25 Nov 2023

Michael Rosen: Getting over it, and getting through it

From Saturday Morning, 8:10 am on 25 November 2023

"Passionate linguist, gifted humanist, national treasure and ambassador of gibberish" is a judge's description of this year's PEN Pinter prize winner, Michael Rosen.

The British poet, author and performer has written more than 200 books, including Sad Book, which chronicles Rosen's grief over the loss of his son Eddie, and children's classic We're Going on a Bear Hunt.

That book inspired the Covid lockdown teddy bear hunt - which saw bears appearing in windows, ready to be spotted by children out walking.

Rosen was unaware of all of this however, as he was in intensive care with severe Covid.

English children's novelist and poet Michael Rosen


His memoir Getting Better explores his experiences of trauma and grief and how to live in the aftermath of tragedy.

Covid has left him with some permanent damage, he tells Kim Hill.

“I had microbleeds in my brain which knocked out most of the sight of my left eye, and most of the hearing in my left ear, I have to say that carefully, I sometimes end up saying most of the hearing in my left eye and sight in my left ear.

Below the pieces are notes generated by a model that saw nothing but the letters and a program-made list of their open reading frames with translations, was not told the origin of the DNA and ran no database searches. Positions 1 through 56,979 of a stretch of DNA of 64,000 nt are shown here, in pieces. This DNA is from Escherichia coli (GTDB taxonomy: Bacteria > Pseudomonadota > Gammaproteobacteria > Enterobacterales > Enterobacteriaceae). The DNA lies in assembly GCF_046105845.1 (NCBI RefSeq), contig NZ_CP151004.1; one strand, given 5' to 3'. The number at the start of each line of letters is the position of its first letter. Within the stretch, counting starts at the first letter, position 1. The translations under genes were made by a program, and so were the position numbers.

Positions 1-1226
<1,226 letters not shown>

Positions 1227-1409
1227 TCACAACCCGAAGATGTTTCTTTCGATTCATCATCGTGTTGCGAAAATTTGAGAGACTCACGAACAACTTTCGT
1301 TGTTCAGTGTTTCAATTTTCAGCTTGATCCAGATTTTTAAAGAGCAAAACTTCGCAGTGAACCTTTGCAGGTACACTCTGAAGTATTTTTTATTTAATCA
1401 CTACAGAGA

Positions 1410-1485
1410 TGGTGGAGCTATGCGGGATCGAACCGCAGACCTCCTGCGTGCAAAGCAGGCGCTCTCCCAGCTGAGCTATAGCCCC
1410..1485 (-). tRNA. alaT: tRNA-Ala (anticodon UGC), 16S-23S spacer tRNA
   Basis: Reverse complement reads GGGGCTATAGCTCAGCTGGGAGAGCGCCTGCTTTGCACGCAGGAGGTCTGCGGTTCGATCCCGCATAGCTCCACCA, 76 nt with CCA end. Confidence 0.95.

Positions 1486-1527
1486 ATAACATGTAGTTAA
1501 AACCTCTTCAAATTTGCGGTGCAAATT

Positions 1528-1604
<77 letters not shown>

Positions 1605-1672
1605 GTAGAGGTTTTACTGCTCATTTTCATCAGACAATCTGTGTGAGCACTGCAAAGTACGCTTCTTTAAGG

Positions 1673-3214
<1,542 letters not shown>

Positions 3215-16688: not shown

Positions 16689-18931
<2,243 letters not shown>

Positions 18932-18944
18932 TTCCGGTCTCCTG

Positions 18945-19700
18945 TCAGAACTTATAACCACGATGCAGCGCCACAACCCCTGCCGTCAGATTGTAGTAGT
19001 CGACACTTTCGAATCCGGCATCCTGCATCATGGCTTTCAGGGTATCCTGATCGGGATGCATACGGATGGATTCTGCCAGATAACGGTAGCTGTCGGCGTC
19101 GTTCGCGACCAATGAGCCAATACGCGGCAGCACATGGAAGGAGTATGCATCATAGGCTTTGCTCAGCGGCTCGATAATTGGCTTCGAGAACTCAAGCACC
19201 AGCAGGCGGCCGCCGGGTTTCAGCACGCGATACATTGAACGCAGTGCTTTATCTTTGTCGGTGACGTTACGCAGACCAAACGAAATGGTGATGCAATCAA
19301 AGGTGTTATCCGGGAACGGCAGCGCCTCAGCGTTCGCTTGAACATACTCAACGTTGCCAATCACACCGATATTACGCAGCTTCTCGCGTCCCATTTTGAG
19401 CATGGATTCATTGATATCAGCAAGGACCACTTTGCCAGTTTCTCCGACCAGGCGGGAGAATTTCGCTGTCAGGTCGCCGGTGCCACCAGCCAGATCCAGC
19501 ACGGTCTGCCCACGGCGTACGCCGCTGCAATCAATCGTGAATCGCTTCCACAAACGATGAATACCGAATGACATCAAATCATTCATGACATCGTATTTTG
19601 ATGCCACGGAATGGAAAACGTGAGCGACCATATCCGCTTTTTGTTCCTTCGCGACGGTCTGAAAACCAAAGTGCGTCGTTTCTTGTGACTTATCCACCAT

“Because one of the other features of post Covid is you can get a bit muddled. When I said that to a child, I said I lost most of the sight from my left ear. She said; ‘No, you wouldn't have!’ she was quite cross about that.”

Rosen often takes to Twitter (now X) to spar with anti-vaxxers and Covid deniers, he feels it a duty, he says.

“Because there is this extraordinary thing, we've seen various people on television saying things like, well, I don't know anybody who suffered from Covid, so, I don't believe in it. I always feel like saying, well you perhaps have never met anyone who was murdered. So, what? Do you believe that no one is murdered?”

He remains outraged at the UK government’s handling of the epidemic, he says.

“That's in a way more damaging than anything else. I mean, if you look very closely, the wording from the notebooks of Patrick Vallance, who was the key government scientist at the time, he was jotting down what people like Boris Johnson and our present Prime Minister Rishi Sunak was saying. And they were saying things like, if people died, that's okay, let the bodies pile high.”